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Research trajectory

My research trajectory isn’t linear, but it’s cohesive. This narrative provides an overview of how I have moved from chemical engineering and wastewater treatment to the economics of technical change and technology transfer, to the comparative politics of environmental public policy from a spatial viewpoint. This story is also told in this blog post.

Research trajectory

A mind map of my research interests and trajectory

I was interested in cooperation and collaboration since I was a child. This is not something that has come to me anew. I’ve ALWAYS believed in cooperation, my entire life. Even before I met Elinor Ostrom and Vincent Ostrom. Even before I ever did any social science.As a chemical engineer, I trained bacteria to biodegrade tannery wastewaters (using activated sludge). This is a form of cooperative behaviour. For my Masters, I did a game-theoretic analysis of biotech-big pharma strategic alliances. For my PhD I wrote a doctoral dissertation on a comparative policy analysis of industrial restructuring of leather and footwear clusters. Clusters (by definition) are highly concentrated groups of firms. Contra traditional economic theory, geographical proximity BENEFITS these firms. Cooperation between firms within clusters is what strengthens industrial districts. But when cooperation fades, many firms close/are forced to shutdown, so I wanted to understand what happened both to the clusters and the cities where they were embedded. Hence the comparison.

When I met Dr. Elinor Ostrom and Dr. Vincent Ostrom in the early 2000s, I was already interested in collaborative behaviour. As you can see from my mind-map, partnerships and alliances remain at the core of my research agenda. I’ve studied cooperation in river basin councils (using ethnographic approaches), cross-national coalition building for transnational environmental activism, etc. Around 2013, I began doing work on intractable urban and periurban water conflicts because I became interested in what happens when cooperative behaviour does NOT exist. I am about to finish a large collaborative, government-grant-funded project on this (2016-2019).

I am also interested in the governance of commons, both traditional and unorthodox. My mind-map shows the many ways in which my research topics and methods intersect with each other. I study bottled water because it’s an unorthodox commons. I study publicness theory because water AND waste AND wastewater are all public services. I use multiple methods from automated text analysis and geographical information systems to multisited ethnographies. And since my work is comparative, so is my fieldwork.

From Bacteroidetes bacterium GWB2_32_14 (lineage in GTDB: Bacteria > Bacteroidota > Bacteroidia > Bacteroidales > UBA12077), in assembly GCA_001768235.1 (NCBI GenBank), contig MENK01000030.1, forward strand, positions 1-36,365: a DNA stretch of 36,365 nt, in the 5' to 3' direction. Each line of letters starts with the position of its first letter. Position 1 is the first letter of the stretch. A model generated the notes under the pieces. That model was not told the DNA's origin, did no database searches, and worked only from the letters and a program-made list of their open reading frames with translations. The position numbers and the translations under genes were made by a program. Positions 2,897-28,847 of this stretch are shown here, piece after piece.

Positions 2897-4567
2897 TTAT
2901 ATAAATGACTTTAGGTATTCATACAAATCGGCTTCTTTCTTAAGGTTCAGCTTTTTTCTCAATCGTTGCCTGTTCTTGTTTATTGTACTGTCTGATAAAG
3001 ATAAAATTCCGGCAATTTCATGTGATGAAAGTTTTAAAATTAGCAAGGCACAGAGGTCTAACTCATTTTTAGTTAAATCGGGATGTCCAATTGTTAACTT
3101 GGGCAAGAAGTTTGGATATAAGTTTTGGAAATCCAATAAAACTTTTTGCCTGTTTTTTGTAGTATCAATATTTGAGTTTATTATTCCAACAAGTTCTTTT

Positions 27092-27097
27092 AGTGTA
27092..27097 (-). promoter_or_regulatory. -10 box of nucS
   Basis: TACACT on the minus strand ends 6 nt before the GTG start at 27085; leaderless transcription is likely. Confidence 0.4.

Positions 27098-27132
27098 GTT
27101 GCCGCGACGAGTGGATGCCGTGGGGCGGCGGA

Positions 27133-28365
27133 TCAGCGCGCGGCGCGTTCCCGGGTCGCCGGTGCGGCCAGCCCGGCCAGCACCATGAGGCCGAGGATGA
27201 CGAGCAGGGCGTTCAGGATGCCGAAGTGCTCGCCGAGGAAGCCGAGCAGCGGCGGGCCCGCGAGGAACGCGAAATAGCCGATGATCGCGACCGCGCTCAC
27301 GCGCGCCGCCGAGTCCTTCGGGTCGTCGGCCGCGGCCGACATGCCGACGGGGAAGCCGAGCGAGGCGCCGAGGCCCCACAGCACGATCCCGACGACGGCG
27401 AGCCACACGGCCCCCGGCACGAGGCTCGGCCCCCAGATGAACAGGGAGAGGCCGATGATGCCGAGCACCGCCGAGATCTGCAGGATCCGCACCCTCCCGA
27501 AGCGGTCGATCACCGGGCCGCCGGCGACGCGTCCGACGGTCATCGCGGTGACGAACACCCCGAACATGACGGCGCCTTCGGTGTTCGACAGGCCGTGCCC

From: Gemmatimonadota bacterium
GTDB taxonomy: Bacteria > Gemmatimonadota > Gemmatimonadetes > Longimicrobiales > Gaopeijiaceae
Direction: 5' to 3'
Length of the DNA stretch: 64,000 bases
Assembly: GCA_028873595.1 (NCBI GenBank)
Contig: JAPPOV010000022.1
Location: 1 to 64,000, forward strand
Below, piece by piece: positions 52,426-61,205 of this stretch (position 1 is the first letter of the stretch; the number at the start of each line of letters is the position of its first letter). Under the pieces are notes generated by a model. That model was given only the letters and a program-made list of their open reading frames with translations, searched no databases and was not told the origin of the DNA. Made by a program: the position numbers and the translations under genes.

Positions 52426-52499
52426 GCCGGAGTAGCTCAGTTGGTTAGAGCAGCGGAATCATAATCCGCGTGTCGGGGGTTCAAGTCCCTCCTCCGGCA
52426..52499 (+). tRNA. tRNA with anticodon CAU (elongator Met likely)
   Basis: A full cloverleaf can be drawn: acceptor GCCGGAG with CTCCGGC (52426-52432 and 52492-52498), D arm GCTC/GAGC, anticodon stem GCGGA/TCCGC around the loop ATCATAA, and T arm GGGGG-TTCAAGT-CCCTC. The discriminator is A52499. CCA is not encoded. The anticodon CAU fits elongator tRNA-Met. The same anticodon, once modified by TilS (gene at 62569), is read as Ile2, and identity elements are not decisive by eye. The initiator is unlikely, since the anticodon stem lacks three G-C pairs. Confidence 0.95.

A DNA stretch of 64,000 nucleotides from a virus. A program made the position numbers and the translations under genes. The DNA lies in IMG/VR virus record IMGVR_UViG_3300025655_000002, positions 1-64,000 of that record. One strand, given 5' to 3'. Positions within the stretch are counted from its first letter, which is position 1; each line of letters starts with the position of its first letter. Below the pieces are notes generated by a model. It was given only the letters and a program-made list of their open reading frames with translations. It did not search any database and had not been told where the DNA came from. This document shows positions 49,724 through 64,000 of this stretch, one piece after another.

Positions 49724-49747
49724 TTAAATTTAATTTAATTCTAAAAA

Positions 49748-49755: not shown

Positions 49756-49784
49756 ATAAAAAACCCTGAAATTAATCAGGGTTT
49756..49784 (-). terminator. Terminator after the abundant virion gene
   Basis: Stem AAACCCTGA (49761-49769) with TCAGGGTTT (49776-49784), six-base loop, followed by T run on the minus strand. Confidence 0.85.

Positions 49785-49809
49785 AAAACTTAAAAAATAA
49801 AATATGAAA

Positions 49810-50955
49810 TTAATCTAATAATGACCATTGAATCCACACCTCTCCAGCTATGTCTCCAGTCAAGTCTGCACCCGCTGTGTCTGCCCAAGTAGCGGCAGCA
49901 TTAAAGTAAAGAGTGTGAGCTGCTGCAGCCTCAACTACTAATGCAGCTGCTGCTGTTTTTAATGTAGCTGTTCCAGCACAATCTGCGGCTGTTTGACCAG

My goal for the remainder of 2019, 2020 and 2021 is to publish my work on French environmental politics and policy. I’ve done fieldwork in Paris, I’ve studied their water/wastewater/solid waste systems, I now want to get publications out of these projects. Over the course of the next 3-5 years I foresee that I will continue to study the governance of unorthodox commons, as well as the comparative politics of public service delivery.

One thing I have very clear in my mind is that I want to continue doing work on water insecurity, toilet insecurity and informal waste picking, and publishing on research methods that are cognizant/mindful/protective of marginalized communities. THAT is very clear to me right now. I also want to give some closure to my collaborative work on electronic waste and informal waste picking, and on transnational environmental activism. Once some publications come out of those two research strands, my collaborators and I can think of where we are going.

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Continuing the Discussion

  1. A sequential framework for teaching how to write good research questions – Raul Pacheco-Vega, PhD linked to this post on March 4, 2020

    […] wanting to get answers to complex challenges by asking the right questions (you can read more about my research trajectory […]

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